With IPSO opening for business for the first time next Monday, and Impress (the nascent rival regulator which says it is wholly independent of the industry) announcing the membership of its appointments panel, HTFP was right to remind us yesterday of one of the financial consequences of a regulator achieving recognition under the Royal Charter.
The point made in yesterday’s article was that when a regulation scheme gains Charter recognition, section 40 of the Crime and Courts Act 2013 will be triggered. S.40 is the provision which, on the face of it, may lead to costs being awarded against a publisher even if a claim based on “news-related material” is defeated.
It’s always been the case that journalists have to think very hard about the costs implications of litigation, or threatened litigation, before deciding how to deal with a complaint. But whilst this is obviously a draconian provision, it’s worth remembering that S.40 does not necessarily mean that you will have to pay the Claimant’s costs even if your defence succeeds.
The basic provision is clear enough: if the defendant in the case is a publisher (n.b. not an individual) of news-related material and it was not a member of an approved regulator at the time the court proceedings commenced, then the Court must award costs against that defendant in favour of the claimant, irrespective of the outcome. In other words, the normal costs rule (“the loser pays”) does not apply to publishers.
However, this new rule is subject to two exceptions and an opt-out clause, and it is these which suggest that the position may not be as bleak as first appears.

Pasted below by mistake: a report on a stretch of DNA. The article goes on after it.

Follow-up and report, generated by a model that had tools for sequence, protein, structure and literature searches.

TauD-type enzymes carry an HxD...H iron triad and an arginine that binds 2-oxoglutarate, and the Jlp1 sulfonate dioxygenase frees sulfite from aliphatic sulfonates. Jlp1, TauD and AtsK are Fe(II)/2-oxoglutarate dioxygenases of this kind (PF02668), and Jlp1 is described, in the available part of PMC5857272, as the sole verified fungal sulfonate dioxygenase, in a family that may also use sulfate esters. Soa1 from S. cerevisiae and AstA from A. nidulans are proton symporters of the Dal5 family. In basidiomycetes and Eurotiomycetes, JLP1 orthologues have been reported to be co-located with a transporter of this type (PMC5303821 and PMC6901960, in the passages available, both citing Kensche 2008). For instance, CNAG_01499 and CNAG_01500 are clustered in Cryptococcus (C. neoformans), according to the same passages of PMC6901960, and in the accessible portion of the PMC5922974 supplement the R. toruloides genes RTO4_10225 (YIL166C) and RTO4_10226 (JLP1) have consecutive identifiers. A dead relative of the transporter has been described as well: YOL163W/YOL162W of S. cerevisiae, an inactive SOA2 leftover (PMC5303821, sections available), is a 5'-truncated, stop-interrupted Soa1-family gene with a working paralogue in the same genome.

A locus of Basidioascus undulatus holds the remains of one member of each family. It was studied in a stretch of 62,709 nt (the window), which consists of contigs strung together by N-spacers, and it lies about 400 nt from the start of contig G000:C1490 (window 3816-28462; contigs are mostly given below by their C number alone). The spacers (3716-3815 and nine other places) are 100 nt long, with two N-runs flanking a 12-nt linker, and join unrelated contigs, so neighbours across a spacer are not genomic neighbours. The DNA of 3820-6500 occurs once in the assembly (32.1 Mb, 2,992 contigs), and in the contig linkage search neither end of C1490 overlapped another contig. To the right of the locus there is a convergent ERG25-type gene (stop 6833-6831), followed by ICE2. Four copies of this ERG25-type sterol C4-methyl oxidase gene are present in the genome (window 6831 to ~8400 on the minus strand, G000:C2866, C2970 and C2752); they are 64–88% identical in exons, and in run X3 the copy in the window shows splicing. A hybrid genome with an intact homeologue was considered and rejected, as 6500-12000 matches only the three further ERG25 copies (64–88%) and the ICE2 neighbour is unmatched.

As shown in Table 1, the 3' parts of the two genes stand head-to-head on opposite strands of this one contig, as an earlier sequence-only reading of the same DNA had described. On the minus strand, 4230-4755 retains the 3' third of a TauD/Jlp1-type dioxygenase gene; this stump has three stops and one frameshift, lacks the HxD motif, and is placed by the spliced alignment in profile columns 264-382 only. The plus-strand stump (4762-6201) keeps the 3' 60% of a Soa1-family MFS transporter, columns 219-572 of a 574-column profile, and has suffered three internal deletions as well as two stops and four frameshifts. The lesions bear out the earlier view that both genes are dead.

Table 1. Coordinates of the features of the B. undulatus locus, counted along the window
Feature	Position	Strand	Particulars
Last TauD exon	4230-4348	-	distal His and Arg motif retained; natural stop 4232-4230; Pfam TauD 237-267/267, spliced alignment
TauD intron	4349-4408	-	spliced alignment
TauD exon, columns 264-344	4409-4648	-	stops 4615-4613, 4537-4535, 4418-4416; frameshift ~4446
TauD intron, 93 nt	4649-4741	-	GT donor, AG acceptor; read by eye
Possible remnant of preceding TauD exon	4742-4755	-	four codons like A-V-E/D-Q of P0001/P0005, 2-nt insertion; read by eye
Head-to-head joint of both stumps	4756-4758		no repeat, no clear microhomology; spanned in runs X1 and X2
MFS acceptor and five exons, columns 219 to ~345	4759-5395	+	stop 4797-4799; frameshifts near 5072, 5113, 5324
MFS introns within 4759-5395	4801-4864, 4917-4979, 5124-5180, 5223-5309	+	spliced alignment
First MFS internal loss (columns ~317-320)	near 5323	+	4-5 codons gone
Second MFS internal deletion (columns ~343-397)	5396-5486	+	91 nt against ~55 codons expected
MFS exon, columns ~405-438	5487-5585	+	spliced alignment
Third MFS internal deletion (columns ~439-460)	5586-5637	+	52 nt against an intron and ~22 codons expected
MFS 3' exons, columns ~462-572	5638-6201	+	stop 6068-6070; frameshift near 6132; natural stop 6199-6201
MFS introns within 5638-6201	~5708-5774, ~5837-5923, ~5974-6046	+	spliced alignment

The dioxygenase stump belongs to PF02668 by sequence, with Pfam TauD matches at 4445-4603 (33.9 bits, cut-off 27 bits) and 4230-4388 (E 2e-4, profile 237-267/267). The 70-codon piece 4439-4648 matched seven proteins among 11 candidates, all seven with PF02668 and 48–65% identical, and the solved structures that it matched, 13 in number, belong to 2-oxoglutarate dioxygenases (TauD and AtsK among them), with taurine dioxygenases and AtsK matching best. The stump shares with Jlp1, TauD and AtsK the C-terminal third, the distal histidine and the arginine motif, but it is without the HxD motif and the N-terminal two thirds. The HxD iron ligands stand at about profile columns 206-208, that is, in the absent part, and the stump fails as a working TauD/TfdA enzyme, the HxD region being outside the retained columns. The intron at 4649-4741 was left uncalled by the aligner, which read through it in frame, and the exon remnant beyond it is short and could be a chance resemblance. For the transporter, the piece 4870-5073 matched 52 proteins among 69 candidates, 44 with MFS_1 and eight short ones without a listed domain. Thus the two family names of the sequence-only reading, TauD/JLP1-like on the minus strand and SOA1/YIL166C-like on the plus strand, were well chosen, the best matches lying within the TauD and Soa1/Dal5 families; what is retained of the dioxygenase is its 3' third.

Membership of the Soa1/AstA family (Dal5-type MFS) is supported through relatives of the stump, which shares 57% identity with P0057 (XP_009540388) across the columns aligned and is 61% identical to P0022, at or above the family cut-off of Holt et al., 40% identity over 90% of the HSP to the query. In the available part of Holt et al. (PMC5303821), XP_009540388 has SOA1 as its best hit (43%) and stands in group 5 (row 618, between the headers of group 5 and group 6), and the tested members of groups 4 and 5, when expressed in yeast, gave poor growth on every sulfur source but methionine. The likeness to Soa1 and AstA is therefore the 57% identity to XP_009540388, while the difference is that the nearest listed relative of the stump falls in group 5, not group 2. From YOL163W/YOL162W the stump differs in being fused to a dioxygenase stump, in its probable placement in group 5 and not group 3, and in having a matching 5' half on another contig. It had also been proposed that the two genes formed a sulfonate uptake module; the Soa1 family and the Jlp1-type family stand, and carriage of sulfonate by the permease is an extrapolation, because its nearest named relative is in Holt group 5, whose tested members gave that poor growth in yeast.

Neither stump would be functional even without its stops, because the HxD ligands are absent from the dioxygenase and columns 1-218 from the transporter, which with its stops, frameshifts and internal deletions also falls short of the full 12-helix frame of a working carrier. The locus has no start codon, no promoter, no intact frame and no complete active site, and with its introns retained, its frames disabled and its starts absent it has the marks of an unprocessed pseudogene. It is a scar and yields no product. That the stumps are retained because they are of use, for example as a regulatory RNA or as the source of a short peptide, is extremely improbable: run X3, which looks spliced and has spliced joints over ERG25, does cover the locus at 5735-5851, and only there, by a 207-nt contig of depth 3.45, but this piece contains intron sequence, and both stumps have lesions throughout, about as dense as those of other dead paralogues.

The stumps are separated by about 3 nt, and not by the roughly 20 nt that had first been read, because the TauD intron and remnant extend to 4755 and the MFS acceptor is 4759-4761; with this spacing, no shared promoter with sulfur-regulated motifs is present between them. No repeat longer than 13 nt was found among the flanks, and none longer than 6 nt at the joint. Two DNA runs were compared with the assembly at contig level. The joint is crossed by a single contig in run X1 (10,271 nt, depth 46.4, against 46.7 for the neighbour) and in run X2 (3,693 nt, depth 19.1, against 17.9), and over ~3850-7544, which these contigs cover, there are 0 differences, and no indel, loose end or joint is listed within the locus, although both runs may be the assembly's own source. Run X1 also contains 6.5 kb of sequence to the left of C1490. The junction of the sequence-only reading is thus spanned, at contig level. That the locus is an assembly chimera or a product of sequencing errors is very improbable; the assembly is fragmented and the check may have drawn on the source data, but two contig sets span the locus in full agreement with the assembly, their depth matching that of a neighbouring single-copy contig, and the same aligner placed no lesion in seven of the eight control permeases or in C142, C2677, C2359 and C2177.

First, the new rule will only apply if it would have been “reasonable in the circumstances” for the publisher to have been a member of the approved regulator. Obviously, no-one knows what “reasonable in the circumstances” actually means, and it is easy to foresee that sooner or later, this phrase will be the subject of hard fought satellite litigation.
Second, the rule only applies if the dispute could have been resolved using the arbitration scheme of the approved regulator (had the publisher been a member, of course). Until an approved regulator comes into being, we cannot know the nature and terms of its arbitration scheme, which in turn means that we cannot know whether the dispute could have been settled using that scheme, or not.
But of one thing we can be sure, even at this early stage: the validity and fairness of any arbitration scheme will be the subject of intense scrutiny, and any weaknesses could well be used to support the argument that the scheme was defective, and therefore, could not have been used by the publisher to achieve a fair and safe outcome.
And then there is the opt-out provision. Irrespective of anything else, the Court can make a different costs order, or make no costs order at all, if it is “just and equitable in all the circumstances of the case” to do so. And what that means is anyone’s guess. Again, more disputes and more satellite litigation seem likely.
The possibility of a potential regulator gaining recognition under the Royal Charter is an important development for journalists and journalism, for all sorts of reasons.
From a legal and financial perspective, the significance is obvious – though perhaps the consequences are not quite as bleak as might first appear.
As ever, we will only have a true understanding of the financial effect of S.40 when the Courts have deliberated on a test case. Though this is something which is not going to happen any time soon, it is inevitable that sooner or later, the industry is going to have to address this serious issue head on.
And as I have asked before: what price freedom of expression then?